- Global headlines about riots in SA are expected to have a big impact on important travel decisions currently being made by international tourists.
- International tourism is a vital component for SA's tourism industry and has already been severely impacted by coronavirus restrictions and the slow rollout of vaccinations in SA.
- Tourism leaders explain why it is so important to address the damage currently being done to the brand of SA as a destination.
Looting and riots could have a lasting impact on South Africa's image – and could prove to be the final nail in the coffin of an already hammered tourism sector, industry representatives say.
Speaking at a tourism industry webinar on Tuesday, tourism experts said just the perceived threat of civil unrest could influence travellers – making them reluctant to visit.
"Even the mere threat of events such as civil unrest can cause tourists to rethink their decision to visit a destination," said Glenton De Kock, CEO of the Southern African Association for the Conference Industry (SAACI).
De Kock is also worried about the possible impact on domestic travel – which to date has been viewed as a potential bright spot in an otherwise battered industry.
"We may also witness resistance within the domestic market to travel. With the current restrictions prohibiting leisure travel in and out of Gauteng, coupled with the violence we are witnessing, we may see further delays in a recovery for the industry," said De Kock.
According to Tshifhiwa Tshivhengwa, CEO of the Tourism Business Council of SA (TBCSA), which represents the private sector, the current circumstances amount to a "double jeopardy" for the tourism industry. On the one hand, there is the negative impact of international travel restrictions due to the pandemic, and on the other hand, there will now be concerns because of the violence and looting.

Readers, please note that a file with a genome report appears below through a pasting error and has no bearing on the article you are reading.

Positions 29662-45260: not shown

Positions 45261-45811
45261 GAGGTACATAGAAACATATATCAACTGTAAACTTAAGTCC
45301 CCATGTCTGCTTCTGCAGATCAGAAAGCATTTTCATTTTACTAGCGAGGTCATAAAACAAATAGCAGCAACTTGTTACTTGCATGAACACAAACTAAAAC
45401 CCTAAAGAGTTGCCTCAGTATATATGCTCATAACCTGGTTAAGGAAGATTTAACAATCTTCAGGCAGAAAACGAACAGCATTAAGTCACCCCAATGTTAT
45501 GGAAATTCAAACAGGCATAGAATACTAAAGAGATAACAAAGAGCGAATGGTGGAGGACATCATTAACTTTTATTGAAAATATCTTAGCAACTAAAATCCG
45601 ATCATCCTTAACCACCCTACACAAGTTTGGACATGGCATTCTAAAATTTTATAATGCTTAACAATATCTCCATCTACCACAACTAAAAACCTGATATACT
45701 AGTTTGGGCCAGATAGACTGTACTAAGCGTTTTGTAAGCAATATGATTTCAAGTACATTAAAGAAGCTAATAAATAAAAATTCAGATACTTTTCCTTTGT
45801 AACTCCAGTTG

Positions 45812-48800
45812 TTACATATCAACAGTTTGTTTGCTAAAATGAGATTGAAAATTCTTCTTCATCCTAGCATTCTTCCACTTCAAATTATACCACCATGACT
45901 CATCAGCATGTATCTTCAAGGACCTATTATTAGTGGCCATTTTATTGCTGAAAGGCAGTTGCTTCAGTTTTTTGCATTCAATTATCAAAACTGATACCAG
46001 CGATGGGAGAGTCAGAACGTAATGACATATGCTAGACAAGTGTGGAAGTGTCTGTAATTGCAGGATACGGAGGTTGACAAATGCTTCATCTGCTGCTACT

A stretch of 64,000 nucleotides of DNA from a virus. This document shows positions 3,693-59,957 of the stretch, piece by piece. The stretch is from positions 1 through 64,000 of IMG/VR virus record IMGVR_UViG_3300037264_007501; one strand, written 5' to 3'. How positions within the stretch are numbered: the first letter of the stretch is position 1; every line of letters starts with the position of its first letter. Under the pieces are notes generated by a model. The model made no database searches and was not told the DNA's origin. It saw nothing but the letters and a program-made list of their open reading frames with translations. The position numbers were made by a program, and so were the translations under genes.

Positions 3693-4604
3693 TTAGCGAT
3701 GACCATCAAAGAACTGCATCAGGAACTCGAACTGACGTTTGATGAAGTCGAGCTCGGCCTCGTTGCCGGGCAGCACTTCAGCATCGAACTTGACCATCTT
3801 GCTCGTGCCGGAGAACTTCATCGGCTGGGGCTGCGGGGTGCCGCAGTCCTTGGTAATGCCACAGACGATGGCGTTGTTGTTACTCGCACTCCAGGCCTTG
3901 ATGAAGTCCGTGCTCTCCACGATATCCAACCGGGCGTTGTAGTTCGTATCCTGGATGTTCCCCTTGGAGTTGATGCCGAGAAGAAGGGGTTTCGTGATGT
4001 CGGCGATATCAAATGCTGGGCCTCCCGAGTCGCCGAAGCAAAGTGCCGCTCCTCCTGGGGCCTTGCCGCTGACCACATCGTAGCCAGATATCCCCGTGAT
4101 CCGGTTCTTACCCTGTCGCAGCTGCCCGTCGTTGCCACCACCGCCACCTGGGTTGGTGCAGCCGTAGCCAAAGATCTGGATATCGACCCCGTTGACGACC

This could have serious consequences for the peak season at year end, because travellers will already be making their plans and bookings now, he says.
"People are making decisions now as to whether they are going to be travelling in the next three or four months, especially international tourists. Many of them will now reconsider whether they should travel to SA or not. We are very concerned, because stability goes a long way in supporting tourism," said Tshivhengwa.
Rosemary Anderson, national chair of the hospitality industry body FEDHASA, said it was disheartening to see the damage being done to the image of South Africa due to "the dramatic looting and destruction being shown worldwide and specifically in the country's main international tourism markets".
She expressed frustration that SA's "top-notch" tourism environment was having trouble attracting international travellers back to the country.
Tshivhengwa agrees. "We are worried that international tourists will choose other destinations rather than coming to SA. The tourism industry is very much dependent on the brand image of the country. When international tourists consider where to travel, they look at the country stability, safety and security."
Portia Mkhize, spokesperson of the Umlazi Tourism Office, in KZN, said they are still hopeful that people will travel during SA's spring and summer season.
"We need to rebuild and - as the world is watching - safety comes first," she said.
Slow vaccine rollout
But a further challenge, according to both Anderson and De Kock, is continuing concern over the speed of national vaccine rollout.
"Negative travel advisories also continue to hamper international travel to SA as well as the country remaining on the red list for travel in most countries," said De Kock.
Anderson echoed this.
David Frost, CEO of the Southern Africa Tourism Services Association (SATSA) said the riots could prove to be the "death knell" for the tourism sector, which – prior to the Covid-19 pandemic – provided some 1.5 million jobs in SA.